Cast & Crew
Before she and her meek cousin, Clare Raymond, leave town to visit her ailing mother, Harriet Craig gives the servants elaborate housekeeping instructions. One night, Harriet is unable to reach her husband Walter on the telephone and returns home immediately. When Clare questions Harriet's mistrust of her husband, Harriet explains that her father abandoned her mother and her when she was a child, and she is determined that this will never happen to her. She now regards marriage as a bargain in which she makes a home for her husband and he takes care of her. Clare, who believes that trust grows from love, is dismayed by her cousin's perspective, but admits that the older woman may know more than she does. Upon her unexpected arrival home, Harriet is greatly upset by signs that Walter was entertaining in her absence. She is further angered when she discovers he is still in bed and expresses her opinion that the household disarray is disrespectful to her. In order to retain control over her husband, Harriet has systematically eliminated his friends from their life. She is even jealous of Mrs. Frazier, the widow who lives next door. After Walter gently complains, Harriet plans a dinner party to mollify him, but when the plans are finalized, Walter discovers that none of his old friends have been included. Later, when Harriet learns that Walter's assistant, Wes Miller, who has been dating Clare, is seriously interested in her cousin, she lies to Clare about Wes's intentions, causing her to break off the relationship. After Walter is offered a promotion that involves traveling to Japan without her, Harriet visits Henry Fenwick, his boss, and insinuates that Walter has a gambling problem and is not to be trusted with money. At the last minute, Walter is denied his promotion. When a disappointed Walter arrives home, he learns that his old family housekeeper, Mrs. Harold, has quit, unable to endure Harriet's rigid rules. Walter then asks Clare why she will not take Wes's phone calls and discovers Harriet's interference in that relationship. Angrily, he accuses Harriet of lying about everything. When Harriet explains her theory of marriage as a bargain, Walter responds that all he wanted was for her to love him. Danny, Mrs. Frazier's young son, interrupts their argument to ask Walter to fix his radio. Later, Walter spends a pleasant evening at the Fraziers, and then returns home. During an argument, Harriet inadvertently reveals that she lied about being unable to have a child, and Walter tells her that he knows about her visit to Fenwick. He adds that thanks to the intervention of Fenwick's wife Celia, he will go to Japan after all, but will not return to the house. After he leaves, Mrs. Frazier returns the pipe that Walter left at her house. Having seen Walter drive away, she offers sympathy to Harriet, but Harriet, unable to admit that her life is less than perfect, lies that Walter has only gone for a newspaper.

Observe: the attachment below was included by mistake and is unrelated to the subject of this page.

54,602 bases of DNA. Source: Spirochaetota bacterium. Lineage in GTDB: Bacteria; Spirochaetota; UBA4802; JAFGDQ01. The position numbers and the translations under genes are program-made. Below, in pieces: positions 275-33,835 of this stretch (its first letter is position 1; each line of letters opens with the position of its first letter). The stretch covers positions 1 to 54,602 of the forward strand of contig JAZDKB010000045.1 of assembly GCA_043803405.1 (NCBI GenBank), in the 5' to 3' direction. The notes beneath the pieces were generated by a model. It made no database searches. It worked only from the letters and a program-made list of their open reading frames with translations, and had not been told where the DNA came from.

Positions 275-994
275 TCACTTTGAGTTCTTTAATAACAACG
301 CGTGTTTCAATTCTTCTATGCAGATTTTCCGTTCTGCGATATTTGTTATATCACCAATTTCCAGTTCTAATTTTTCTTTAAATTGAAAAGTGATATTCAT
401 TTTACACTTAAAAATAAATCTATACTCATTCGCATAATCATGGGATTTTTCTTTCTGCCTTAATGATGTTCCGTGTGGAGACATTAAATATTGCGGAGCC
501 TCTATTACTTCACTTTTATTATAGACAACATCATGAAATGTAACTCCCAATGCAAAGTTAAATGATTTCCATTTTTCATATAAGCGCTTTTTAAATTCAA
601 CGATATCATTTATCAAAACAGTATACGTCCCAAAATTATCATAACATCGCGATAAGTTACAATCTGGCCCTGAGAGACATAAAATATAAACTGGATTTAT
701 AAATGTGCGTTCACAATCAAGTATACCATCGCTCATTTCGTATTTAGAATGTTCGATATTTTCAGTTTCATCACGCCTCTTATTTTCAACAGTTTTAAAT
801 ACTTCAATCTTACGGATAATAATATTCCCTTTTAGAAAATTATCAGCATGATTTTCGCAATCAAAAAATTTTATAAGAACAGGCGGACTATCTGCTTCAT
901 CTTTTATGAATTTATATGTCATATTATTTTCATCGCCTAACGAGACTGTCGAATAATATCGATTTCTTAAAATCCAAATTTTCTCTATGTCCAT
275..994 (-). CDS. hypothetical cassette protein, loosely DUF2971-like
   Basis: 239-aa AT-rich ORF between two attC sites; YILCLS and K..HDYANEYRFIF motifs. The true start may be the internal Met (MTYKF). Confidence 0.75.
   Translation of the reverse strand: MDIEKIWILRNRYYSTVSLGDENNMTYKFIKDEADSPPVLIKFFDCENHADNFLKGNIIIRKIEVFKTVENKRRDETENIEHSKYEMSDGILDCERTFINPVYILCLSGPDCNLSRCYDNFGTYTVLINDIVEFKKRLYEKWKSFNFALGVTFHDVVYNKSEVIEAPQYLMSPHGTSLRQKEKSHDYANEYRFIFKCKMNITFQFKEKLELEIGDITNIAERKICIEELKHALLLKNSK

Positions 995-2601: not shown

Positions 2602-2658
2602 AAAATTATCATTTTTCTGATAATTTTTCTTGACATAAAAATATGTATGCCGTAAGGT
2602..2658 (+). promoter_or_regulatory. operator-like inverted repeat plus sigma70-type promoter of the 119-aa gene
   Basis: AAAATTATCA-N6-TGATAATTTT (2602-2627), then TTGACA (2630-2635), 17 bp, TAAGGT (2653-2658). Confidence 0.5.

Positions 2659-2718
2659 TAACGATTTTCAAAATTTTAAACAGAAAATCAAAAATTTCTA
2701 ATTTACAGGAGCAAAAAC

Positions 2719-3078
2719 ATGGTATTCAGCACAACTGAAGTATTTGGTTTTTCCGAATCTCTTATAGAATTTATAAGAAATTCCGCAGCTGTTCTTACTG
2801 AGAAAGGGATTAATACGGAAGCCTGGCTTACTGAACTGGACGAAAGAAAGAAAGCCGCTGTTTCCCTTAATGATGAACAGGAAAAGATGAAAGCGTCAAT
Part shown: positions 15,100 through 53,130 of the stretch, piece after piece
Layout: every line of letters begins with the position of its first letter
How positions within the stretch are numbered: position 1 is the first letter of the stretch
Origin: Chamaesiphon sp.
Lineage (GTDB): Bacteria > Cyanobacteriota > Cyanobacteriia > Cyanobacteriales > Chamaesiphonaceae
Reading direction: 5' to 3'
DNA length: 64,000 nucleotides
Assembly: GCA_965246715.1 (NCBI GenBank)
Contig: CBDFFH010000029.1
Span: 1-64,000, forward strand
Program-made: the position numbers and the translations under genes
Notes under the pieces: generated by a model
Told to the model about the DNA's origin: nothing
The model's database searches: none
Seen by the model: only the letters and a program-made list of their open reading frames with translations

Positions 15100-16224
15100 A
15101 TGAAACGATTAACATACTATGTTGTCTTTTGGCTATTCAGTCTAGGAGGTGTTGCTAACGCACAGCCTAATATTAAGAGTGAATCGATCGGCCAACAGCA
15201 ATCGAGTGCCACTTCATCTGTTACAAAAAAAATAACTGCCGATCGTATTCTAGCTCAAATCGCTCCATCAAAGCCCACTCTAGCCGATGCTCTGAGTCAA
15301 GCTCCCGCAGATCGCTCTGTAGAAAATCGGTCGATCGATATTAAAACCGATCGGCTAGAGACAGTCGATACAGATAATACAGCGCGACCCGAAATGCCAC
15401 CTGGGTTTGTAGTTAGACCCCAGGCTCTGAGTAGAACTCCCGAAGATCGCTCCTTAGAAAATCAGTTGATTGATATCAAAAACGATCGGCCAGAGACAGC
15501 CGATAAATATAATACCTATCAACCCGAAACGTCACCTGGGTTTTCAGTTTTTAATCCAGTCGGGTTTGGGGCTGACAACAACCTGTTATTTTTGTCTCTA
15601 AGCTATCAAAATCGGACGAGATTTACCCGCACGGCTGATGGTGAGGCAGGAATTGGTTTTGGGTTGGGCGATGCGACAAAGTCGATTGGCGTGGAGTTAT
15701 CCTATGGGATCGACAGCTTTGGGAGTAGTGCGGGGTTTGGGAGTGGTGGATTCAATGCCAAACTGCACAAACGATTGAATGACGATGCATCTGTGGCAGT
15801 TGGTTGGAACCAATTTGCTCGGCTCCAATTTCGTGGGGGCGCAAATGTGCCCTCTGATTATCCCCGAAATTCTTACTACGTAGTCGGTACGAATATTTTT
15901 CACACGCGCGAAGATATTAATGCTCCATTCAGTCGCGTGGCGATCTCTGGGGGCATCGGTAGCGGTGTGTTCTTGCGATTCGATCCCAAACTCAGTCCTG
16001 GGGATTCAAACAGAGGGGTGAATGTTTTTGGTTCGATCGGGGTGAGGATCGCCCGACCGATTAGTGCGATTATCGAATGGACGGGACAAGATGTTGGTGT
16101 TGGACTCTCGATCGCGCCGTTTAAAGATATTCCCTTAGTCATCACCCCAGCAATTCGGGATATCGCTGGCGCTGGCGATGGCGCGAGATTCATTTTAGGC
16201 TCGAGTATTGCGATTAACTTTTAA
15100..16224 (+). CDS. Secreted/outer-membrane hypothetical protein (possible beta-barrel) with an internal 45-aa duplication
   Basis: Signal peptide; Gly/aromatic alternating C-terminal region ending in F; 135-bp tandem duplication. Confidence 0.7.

K. T. Stevens
Crawford, then in her middle forties, was in yet another phase of her remarkably resilient career, which had taken her from flapper to proletarian working girl to fur-swathed MGM glamour queen to steely, against-all-odds survivor in her Oscar®-winning Mildred Pierce (1945) at her new studio, Warner Bros. Her subsequent roles were even fiercer. In his 1983 book, Joan Crawford: The Ultimate Star, Alexander Walker writes that Flamingo Road (1949), The Damned Don't Cry (1950), and Harriet Craig "all feel like darkening admonitions of a neurotic descent into Crawford's 'panic period,' in which the roles are fashioned to exploit her emotional dependence."